A complete guide to the most important medical, legal, and estate planning documents and state laws for Alabama. Use Pillar to download and organize all of your most important documents
January 25, 2021
If you or someone you’re caring for lives in the Heart of Dixie, there are a lot of important forms, documents, resources, and specific state laws you need to know about. Here's a complete list of the medical, legal, and estate planning documents you need to get your most important documents organized and plan for whatever the future brings if you live in Alabama.
Alabama law requires that health care providers maintain medical records as follows:
For as long as they are available, you have the right to get a copy of or amend your medical records. You can find out more about how to do this here.
Alabama law says that if you're 19 years old or older, you have the right to decide about your medical care. However, if you're sick or badly hurt, you may not be able to communicate exactly what kind of medical care you want.
That's why Alabama allows you to set up the following provisions ahead of time:
If you’d like to become an organ donor in the state of Alabama, then you can register online. Sign up by creating an account with the Legacy Organ, Eye and Tissue Donor Registry.
According to Section 19-3-1, it is lawful in Alabama to create a trust for the passing of personal property and real estate. A living trust is recommended to help avoid Alabama's complex probate process. To find out more about how to set up a living trust in Alabama, click here.
In Alabama, your digital assets (emails, social media accounts, etc.) can be legally passed on to a family member, personal representative, or trustee. You can read more about the specifics here, but it's about 20 pages long: HB 138 Revised Uniform Fiduciary Access to Digital Assets Act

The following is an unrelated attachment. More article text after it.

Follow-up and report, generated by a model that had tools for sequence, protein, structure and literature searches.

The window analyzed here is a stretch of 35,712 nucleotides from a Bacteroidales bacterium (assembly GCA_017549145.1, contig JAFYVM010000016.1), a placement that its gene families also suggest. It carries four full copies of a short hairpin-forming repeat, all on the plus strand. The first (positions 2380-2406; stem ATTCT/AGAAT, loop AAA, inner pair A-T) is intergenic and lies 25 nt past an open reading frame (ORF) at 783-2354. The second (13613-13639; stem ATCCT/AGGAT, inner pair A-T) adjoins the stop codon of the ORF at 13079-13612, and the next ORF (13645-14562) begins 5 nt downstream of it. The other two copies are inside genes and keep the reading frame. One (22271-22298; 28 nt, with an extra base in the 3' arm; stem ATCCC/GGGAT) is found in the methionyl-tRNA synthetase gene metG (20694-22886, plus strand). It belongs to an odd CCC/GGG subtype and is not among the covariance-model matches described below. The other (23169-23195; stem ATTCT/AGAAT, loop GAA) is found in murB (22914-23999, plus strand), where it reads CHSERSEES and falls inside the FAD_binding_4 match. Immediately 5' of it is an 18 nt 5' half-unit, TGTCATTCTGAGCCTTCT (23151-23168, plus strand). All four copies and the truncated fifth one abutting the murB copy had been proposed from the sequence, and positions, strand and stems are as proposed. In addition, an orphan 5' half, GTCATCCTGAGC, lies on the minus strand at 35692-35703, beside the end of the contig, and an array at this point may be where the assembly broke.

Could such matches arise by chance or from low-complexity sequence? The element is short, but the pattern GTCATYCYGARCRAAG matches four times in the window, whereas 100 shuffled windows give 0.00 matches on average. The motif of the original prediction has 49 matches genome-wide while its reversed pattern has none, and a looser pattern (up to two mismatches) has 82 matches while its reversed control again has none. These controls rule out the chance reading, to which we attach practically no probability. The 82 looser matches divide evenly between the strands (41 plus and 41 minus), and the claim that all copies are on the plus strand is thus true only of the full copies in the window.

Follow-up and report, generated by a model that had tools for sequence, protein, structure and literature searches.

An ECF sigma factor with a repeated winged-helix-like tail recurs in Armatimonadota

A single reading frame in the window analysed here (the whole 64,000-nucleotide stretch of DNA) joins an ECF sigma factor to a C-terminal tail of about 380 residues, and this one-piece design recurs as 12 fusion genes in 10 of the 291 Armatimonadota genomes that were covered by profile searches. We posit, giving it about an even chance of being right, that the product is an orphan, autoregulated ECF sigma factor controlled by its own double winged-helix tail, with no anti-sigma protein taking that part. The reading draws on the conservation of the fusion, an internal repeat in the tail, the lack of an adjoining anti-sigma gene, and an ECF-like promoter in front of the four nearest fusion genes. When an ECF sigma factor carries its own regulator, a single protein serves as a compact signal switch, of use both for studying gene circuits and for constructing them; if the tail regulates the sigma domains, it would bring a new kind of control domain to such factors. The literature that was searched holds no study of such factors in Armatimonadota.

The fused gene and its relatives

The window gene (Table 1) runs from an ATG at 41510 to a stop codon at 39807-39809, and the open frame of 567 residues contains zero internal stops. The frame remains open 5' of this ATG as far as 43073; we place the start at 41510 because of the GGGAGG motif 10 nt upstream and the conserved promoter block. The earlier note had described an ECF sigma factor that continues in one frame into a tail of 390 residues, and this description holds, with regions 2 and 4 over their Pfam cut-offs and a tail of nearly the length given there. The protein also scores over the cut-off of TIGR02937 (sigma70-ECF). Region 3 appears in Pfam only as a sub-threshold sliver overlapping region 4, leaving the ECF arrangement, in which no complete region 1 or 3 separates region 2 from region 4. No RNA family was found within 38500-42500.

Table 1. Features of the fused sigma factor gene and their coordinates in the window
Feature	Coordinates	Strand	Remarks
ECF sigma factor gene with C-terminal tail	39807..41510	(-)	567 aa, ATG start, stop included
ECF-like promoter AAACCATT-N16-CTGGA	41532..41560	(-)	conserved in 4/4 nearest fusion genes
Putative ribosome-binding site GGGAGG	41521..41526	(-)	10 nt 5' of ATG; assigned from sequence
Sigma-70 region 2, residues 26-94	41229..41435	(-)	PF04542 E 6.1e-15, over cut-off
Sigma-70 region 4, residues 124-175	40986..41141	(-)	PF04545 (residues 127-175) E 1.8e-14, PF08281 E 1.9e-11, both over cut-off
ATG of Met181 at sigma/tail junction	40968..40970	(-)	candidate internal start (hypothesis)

In Alabama, unless you have set up a trust to transfer property, your estate must pass through probate. The only exception is the “small estate act” which allows heirs to receive assets after one week if the total value of the estate does not exceed $25,000.
Probate is typically a lengthy procedure where an estate has to be reviewed by judge before any assets are distributed — even if you've created a legally binding will. The probate process can take weeks or even months to resolve which means expensive lawyer fees and a larger gap before your assets are distributed to your heirs. Trusts are one of the best ways to avoid the probate process, especially if you have a larger estate in Alabama.
Under Alabama law, death certificates are considered confidential for 25 years from the date of death. After 25 years, they are then publicly available. If you’re a family member or personal representative and need a copy of a death certificate before 25 years have passed, then you must meet the following requirements and apply for one here.
There is no estate tax in Alabama. However, you will still likely have to pay federal taxes on any inheritances you receive from residents of Alabama, or if you live in Alabama. collects the following inheritance and estate taxes:
Alabama has a number of unique state laws when it comes to your medical records, inheritance taxes, wills, trusts, and estate planning. Navigate the strict probate process and lax estate tax with confidence with your customized (and organized!) Pillar account. You can scan, store, and share your most important state documents when you need them with Pillar's secure and easy-to-use online storage tool for you and your family.
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